Working From Home Is Harder Than You Think, But A Good Company Culture Makes All The Difference

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Successful remote working during the COVID-19 crisis may be a sign your company culture is in good health, but should some of the changes be permanent?

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Remote working is on the rise, but few of us can have envisioned anything quite like this. Millions of people – and entire organisations – thrust into working from kitchen tables, home offices and sofas by the COVID-19 crisis.

While many tech companies have long embraced working from home, the current crisis makes for a remote working challenge at its most extreme: the difference between a hilltop stroll and scaling Everest (at night, in flip flops). 

With no option of spending a day or two in the office to keep you connected with the team, or even the chance to nip out for a coffee and some human interaction, working from home during a global pandemic presents a challenge to productivity and mental health like no other.

One thing that can help is robust company culture. In a virtual office, just like the real thing, collaboration, agility, trust, and putting people first makes all the difference.

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Great work can be done anywhere

“If you assume positive intent and place trust in your coworkers and employees – knowing that if they do great work in an office, they can do great work anywhere – then you will all succeed,” says Matt Mullenweg, Chief Executive of Automattic.

Mullenweg oversees the creation of a successful distributed company with 1,175 employees spread across 75 countries. 

For the 36-year-old entrepreneur, this crisis offers “the chance of a great reset,” an opportunity to look at old working practices and ask why we do them, and if they still make sense, or if they ever did in the first place.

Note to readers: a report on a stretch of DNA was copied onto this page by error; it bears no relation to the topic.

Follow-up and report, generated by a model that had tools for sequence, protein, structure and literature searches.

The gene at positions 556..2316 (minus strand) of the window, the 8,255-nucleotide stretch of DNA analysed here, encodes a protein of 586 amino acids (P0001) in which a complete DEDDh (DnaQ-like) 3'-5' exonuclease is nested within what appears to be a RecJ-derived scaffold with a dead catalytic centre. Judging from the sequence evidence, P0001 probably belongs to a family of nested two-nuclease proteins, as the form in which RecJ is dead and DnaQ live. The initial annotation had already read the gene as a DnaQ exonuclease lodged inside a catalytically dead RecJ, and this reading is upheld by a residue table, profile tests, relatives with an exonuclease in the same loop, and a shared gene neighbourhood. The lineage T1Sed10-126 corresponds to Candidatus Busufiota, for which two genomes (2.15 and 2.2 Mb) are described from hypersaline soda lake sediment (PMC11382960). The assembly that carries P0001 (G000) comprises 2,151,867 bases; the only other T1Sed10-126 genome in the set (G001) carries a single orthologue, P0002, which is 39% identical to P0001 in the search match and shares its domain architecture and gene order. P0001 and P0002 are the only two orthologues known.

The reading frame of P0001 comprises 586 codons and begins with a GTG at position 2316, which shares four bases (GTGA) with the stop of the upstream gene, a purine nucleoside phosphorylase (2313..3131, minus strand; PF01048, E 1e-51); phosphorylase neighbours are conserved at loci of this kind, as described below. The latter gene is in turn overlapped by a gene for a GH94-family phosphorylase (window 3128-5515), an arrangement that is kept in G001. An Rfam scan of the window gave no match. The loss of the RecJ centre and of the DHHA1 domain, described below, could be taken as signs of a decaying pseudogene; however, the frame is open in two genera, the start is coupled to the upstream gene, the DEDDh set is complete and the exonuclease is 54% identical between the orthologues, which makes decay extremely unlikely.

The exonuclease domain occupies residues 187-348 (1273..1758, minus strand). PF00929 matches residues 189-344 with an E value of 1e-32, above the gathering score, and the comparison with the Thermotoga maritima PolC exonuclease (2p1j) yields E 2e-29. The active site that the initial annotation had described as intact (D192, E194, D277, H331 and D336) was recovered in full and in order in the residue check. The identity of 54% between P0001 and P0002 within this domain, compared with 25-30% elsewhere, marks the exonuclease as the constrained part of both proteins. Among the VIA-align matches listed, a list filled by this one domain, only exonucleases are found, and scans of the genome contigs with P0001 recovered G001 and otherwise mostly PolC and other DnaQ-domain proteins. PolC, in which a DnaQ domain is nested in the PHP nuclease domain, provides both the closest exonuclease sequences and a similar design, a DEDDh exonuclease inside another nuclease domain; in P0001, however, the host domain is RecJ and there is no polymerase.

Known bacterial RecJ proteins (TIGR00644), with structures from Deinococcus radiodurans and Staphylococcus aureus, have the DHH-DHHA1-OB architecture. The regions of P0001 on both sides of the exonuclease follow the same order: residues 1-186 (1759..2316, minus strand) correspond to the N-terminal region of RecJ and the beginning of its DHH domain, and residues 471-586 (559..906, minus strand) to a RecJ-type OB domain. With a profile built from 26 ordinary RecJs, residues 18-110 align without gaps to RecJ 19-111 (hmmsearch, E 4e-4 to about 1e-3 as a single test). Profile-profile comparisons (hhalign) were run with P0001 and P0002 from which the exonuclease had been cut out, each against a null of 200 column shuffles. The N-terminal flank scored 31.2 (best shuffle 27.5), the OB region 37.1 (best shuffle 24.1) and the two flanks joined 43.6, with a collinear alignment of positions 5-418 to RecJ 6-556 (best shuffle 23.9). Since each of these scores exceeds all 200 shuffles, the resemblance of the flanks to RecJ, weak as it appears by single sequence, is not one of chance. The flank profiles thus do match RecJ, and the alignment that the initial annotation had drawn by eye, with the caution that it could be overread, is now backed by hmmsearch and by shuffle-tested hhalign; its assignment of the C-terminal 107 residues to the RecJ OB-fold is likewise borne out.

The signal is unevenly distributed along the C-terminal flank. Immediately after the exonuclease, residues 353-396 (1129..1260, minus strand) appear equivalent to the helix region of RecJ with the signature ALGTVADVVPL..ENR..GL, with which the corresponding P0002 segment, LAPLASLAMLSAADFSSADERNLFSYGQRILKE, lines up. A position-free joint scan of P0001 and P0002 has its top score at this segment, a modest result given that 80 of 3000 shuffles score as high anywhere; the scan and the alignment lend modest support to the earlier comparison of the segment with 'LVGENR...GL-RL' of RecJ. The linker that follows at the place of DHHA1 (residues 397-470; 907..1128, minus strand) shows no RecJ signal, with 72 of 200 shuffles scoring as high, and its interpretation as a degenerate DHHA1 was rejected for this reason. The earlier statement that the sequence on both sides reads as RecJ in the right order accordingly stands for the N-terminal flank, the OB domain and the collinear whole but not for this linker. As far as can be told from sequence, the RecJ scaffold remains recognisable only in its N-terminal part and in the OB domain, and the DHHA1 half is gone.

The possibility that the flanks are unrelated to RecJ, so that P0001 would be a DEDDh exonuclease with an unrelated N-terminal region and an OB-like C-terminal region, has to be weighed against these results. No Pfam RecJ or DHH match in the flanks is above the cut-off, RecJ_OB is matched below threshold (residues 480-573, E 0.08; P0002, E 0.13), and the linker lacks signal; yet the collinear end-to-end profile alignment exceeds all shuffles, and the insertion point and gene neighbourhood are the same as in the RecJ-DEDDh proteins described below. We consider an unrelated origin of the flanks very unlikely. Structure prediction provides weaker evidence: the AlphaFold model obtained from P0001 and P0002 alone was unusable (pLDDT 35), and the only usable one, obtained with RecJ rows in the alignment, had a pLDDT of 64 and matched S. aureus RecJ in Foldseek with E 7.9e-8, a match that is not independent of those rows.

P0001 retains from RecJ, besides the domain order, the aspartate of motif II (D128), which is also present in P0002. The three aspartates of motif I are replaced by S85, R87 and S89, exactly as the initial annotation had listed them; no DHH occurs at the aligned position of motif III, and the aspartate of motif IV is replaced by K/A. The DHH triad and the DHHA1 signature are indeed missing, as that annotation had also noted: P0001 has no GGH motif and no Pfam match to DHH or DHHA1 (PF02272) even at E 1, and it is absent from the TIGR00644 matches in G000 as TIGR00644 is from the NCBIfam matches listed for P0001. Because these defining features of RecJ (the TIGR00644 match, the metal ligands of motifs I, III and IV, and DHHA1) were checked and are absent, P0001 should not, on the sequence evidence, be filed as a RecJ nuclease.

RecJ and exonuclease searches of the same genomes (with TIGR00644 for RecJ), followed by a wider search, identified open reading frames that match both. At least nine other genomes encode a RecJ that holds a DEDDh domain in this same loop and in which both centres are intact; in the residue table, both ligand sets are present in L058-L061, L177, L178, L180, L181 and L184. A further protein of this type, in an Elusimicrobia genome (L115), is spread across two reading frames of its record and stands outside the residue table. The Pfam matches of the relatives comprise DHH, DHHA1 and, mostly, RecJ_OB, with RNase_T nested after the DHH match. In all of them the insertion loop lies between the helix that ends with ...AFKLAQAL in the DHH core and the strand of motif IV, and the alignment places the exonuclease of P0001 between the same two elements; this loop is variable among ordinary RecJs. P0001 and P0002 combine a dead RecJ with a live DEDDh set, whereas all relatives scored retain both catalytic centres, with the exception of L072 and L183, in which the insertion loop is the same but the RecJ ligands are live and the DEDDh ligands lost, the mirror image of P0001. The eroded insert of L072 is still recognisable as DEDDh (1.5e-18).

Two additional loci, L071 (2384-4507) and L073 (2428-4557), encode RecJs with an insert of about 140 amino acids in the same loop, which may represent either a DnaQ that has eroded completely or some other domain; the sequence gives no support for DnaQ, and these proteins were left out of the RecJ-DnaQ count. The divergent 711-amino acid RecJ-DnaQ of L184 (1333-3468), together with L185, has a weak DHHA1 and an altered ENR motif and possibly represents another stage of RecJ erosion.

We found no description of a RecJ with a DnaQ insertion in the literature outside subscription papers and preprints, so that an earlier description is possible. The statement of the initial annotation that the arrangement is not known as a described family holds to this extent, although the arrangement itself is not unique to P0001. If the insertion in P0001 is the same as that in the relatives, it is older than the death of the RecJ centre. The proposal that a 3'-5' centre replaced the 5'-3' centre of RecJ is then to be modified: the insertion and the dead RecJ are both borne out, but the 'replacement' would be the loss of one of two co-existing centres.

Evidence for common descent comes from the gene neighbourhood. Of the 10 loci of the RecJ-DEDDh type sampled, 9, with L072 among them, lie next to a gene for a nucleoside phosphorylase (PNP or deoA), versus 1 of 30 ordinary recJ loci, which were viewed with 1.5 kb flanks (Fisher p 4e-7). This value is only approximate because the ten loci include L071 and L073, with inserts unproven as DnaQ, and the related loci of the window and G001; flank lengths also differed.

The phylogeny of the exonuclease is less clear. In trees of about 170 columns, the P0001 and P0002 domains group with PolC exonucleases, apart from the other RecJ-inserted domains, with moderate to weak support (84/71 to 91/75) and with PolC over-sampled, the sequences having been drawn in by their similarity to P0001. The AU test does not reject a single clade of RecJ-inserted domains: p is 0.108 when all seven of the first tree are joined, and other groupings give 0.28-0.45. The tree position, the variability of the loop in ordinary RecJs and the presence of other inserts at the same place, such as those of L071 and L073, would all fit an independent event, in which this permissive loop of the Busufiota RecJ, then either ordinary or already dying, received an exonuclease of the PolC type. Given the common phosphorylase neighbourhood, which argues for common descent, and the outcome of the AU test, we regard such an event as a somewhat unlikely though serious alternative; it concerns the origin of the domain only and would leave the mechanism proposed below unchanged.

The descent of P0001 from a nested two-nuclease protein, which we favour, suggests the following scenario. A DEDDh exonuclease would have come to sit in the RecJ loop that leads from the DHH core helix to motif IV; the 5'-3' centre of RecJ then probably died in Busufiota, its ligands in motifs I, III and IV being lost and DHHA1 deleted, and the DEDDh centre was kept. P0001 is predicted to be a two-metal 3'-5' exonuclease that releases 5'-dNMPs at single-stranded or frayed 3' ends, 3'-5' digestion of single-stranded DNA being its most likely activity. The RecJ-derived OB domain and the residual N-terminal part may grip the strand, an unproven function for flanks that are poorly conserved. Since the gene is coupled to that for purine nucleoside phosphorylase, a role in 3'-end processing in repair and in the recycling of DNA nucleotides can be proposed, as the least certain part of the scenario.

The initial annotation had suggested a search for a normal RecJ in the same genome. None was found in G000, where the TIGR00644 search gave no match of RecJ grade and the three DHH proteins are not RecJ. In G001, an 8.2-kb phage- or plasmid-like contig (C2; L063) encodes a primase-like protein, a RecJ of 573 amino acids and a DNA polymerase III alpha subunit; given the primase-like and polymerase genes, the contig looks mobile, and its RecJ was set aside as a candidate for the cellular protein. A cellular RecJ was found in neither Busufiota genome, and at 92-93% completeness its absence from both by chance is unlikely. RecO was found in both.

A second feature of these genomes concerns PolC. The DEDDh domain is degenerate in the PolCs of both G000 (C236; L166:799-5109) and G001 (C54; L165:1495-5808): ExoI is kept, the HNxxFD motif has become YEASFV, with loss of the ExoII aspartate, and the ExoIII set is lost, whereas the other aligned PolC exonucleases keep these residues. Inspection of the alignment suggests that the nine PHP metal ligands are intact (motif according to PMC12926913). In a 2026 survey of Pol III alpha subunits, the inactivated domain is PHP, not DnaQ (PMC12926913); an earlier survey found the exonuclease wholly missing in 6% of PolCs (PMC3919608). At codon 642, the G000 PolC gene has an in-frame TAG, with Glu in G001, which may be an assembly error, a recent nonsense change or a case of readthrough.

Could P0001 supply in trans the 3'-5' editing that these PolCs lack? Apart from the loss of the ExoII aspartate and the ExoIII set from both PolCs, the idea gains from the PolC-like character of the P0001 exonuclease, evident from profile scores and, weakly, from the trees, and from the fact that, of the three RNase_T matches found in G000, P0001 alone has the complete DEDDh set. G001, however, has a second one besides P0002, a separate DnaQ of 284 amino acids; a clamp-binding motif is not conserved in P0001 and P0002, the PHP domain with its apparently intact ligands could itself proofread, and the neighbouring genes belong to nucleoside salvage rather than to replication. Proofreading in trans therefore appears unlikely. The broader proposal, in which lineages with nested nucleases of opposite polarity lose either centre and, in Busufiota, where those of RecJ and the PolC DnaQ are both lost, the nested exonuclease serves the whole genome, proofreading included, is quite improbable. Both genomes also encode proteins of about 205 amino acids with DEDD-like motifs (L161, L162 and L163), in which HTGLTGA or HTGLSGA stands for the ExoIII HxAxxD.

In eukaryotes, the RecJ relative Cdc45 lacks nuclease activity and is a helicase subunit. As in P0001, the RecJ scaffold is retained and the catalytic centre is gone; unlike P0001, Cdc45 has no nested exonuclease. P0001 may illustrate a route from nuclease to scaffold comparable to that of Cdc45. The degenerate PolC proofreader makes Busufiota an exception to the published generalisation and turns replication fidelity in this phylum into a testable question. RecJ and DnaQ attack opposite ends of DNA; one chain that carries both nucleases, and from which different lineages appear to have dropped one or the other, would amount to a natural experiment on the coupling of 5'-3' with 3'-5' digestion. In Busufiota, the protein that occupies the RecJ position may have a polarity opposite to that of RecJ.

It’s an opinion shared by Jennifer Christie, Twitter’s Head of Human Resources. “People who were reticent to work remotely will find that they thrive that way,” Christie told Buzzfeed news. “Managers who didn’t think they could manage remote teams will have a different perspective. I do think we won’t go back.”

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The end of the office as we know it?

Does this crisis mean we can do away with expensive offices, with no need for teams to be physically together ever again? That’s unlikely, even Mullenweg’s distributed workforce has an annual ‘grand meet-up,’ a week-long event to get teams aligned and form deeper connections between colleagues. And there’s something to be said for the creativity that comes from smart people being in the same room.

Steve Jobs believed Apple’s inventiveness could be partly attributed to physical human interaction. “Creativity comes from spontaneous meetings, from random discussions,” said Jobs. “You run into someone, you ask what they’re doing, you say ‘Wow,’ and soon you’re cooking up all sorts of ideas.”

So, we will meet again back in the office, but it would be a mistake to count on the working world returning to its pre-pandemic state.

Gaby Hinsliff argues that the coronavirus crisis will pass but, from school exams to the five-day-week, ‘normal life’ may never be the same again.  

“The pandemic is making us question our everyday practices,” says Hinsliff, “Some changes will stick,” – citing how another crisis – the banking crash of 2008 – had a permanent impact on company culture.”

“Part-time work went from being seen as something only working mothers did, to a heroic gesture that men could also feel good about,” Hinsliff argues. “When the crisis passed, some chose to stick with the new working pattern.”

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Asynchronous working – the holy grail of remote working?

For those reading this article with strong company culture in place before the COVID-19 crisis, you’ve most likely adapted fast; you’ve shared your Zoom team screenshot on LinkedIn, established virtual Friday drinks, and successfully emulated your office set-up online. But for Mullenweg, there’s still plenty of room for improvement. 

For most teams fresh to working remotely, “everything is still synchronous, your day is full of interruptions, no real-time meetings have been canceled (yet), and there’s a lot of anxiety in management around productivity,” says Mullenweg.

Should we aspire to something more? An asynchronous operation with no clockwatching managers, no pressure to reply instantaneously to an email or Slack message, and one where you always have time for a 30-minute mid-day run?

Mullenweg says that when you operate asynchronously, you evaluate people’s work on what they produce, not how or when they produce it.  “It’s when everyone in the company has time for wellness and mental health when people bring their best selves and highest levels of creativity to do the best work of their careers, and just have fun,” adds Mullenweg.

When we are finally out the other side of this remote working experiment perhaps that’s something more organisations will embrace. A brave new world where, with a strong company culture behind us, we’re only ‘on’ when we need to be.

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